Tyler Zacharia, executive producer of Martin Scorsese’s most recent film, “Silence,” believes it’s time for Christians to have more “meaningful engagement” with Hollywood, creating stories that make a profound impact by digging deep into the human soul.
Zacharia, an established finance and entertainment executive, told Faithwire in a recent interview that the oft-times negative messages produced by Hollywood have the power to make their way into the culture — and that faithful people need to continue to find their footing in the industry in order to offer up alternative messages.
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“I actually think the arts are upstream of politics … a lot of what is communicated in entertainment filters its way down,” he said. “There’s a need for meaningful engagement and stories from Christians.”
He continued, “Jesus (told stories) — and really compelling stories that ask really important questions, speaking to a lot of audiences.”
It is through stories and dialogue that Zacharia believes peoples’ imaginations can be expanded, as they process the scenes and scenarios being presented on the big screen. In order to be most effective at this task, though, Zacharia believes Christians need to stop solely looking at films as “another form of the pulpit to preach.”
While those types of faith-based films can certainly be fulfilling and entertaining, Zacharia said he’d love to see more movies that engage in a deep and profound form of storytelling — one that provides hope.
“If we look at how Christians have been involved in film, to a large extent it’s either what we equate as ‘B movies’ or … usually films that just preach to the choir,” he said. “How do we just make good stories, good art that can just engage dialogue … just to be able to first and foremost tell good stories?”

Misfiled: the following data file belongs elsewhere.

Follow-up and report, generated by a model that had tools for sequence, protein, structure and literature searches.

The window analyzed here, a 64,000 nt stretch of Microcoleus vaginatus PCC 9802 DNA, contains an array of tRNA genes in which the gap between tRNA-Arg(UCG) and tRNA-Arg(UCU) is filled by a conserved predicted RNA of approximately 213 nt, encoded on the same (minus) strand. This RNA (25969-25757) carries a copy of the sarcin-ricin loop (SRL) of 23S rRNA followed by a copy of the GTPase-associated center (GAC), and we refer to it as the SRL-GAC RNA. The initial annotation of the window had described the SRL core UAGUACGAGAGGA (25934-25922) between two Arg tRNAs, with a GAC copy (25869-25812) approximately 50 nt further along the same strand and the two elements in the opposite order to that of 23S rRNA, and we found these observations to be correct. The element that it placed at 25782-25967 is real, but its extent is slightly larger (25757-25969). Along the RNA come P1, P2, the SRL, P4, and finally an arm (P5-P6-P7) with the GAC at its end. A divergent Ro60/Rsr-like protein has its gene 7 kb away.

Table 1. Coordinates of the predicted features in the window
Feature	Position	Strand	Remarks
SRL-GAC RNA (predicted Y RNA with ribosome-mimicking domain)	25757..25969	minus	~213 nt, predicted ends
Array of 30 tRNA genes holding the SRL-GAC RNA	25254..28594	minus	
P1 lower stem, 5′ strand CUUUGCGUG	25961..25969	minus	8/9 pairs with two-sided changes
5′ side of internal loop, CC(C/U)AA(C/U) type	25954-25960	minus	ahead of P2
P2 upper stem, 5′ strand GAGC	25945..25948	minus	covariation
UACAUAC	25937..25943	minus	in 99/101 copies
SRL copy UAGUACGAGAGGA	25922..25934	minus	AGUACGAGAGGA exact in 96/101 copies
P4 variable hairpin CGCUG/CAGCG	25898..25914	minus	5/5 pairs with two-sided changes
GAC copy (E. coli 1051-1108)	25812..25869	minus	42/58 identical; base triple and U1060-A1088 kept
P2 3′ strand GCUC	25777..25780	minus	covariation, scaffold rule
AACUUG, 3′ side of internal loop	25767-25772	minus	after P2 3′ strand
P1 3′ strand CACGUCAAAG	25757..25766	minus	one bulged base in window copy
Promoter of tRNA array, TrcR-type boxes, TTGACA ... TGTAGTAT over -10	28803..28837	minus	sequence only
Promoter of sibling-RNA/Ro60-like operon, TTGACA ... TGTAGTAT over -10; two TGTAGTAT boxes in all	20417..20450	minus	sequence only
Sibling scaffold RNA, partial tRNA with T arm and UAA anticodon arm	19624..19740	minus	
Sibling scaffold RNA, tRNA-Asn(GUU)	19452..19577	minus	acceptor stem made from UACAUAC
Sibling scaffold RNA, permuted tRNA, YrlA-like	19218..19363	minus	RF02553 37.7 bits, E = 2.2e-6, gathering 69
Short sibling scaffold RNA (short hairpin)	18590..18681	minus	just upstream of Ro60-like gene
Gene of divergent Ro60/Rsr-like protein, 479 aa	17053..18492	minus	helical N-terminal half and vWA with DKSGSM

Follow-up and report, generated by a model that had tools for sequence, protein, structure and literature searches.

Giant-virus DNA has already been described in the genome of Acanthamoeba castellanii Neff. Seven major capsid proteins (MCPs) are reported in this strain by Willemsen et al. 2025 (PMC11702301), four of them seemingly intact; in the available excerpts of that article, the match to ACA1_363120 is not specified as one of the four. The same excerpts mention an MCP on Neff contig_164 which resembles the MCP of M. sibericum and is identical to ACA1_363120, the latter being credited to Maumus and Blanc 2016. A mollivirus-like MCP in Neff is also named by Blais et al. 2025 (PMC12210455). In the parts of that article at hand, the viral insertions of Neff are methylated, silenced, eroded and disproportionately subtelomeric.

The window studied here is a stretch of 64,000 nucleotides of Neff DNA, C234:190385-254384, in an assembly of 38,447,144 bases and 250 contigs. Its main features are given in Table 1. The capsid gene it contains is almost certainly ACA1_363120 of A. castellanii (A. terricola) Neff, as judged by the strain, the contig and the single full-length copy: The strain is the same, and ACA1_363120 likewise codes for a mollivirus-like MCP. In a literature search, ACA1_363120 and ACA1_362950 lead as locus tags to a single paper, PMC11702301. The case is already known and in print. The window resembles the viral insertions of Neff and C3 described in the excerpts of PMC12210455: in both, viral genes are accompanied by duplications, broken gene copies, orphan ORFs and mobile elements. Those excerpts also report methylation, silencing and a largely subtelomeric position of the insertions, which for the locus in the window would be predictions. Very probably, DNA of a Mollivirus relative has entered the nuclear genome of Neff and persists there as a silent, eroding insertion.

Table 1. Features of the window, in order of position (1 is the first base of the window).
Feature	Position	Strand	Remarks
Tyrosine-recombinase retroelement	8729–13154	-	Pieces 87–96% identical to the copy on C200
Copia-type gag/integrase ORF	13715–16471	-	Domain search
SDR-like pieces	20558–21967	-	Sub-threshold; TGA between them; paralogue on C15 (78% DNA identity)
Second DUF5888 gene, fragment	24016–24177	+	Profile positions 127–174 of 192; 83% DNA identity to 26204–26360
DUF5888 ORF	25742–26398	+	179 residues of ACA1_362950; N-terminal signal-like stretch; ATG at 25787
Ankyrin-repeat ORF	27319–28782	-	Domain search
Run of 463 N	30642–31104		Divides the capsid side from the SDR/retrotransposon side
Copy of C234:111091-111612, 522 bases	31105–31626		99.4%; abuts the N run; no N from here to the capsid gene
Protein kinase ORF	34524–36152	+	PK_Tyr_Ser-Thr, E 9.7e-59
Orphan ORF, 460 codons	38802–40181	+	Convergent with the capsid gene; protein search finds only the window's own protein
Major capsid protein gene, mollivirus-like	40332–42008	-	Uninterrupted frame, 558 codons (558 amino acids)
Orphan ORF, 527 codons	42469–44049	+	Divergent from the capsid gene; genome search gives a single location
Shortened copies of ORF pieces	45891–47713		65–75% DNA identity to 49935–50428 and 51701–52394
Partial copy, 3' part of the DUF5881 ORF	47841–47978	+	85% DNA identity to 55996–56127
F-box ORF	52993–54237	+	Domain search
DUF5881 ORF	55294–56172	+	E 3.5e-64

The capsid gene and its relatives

This, Zacharia said, is a healthy question to explore. In his view, “Silence” was one of those movies; while families couldn’t necessarily bring their children to see the film, the message — based on a true story — holds important and deeply rooted themes.
As previously reported, “Silence” focuses on the 17th century story of two Catholic missionaries who went to Japan to find their mentor — Fr. Ferreira, who was missing and was believed to have been pressured into apostasy after witnessing intense anti-Christian persecution at a time when Christianity was illegal in that country.
If Christians continue to try and engage Hollywood, Zacharia said he believes there will be a “more consistent quality” over time — and, as a Christian himself, he’s hoping to be part of that ongoing process.
“I think there’s a place for good storytelling in Hollywood. I’m not interested in in your face, beat-a-Bible-over-your-head storytelling,” he said. “There’s a culture to be redeemed and I think there’s an industry to be redeemed.”
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As for “Silence,” Zacharia said he’s hoping people approach the film with an open mind, paying close attention to the questions being asked throughout the movie.
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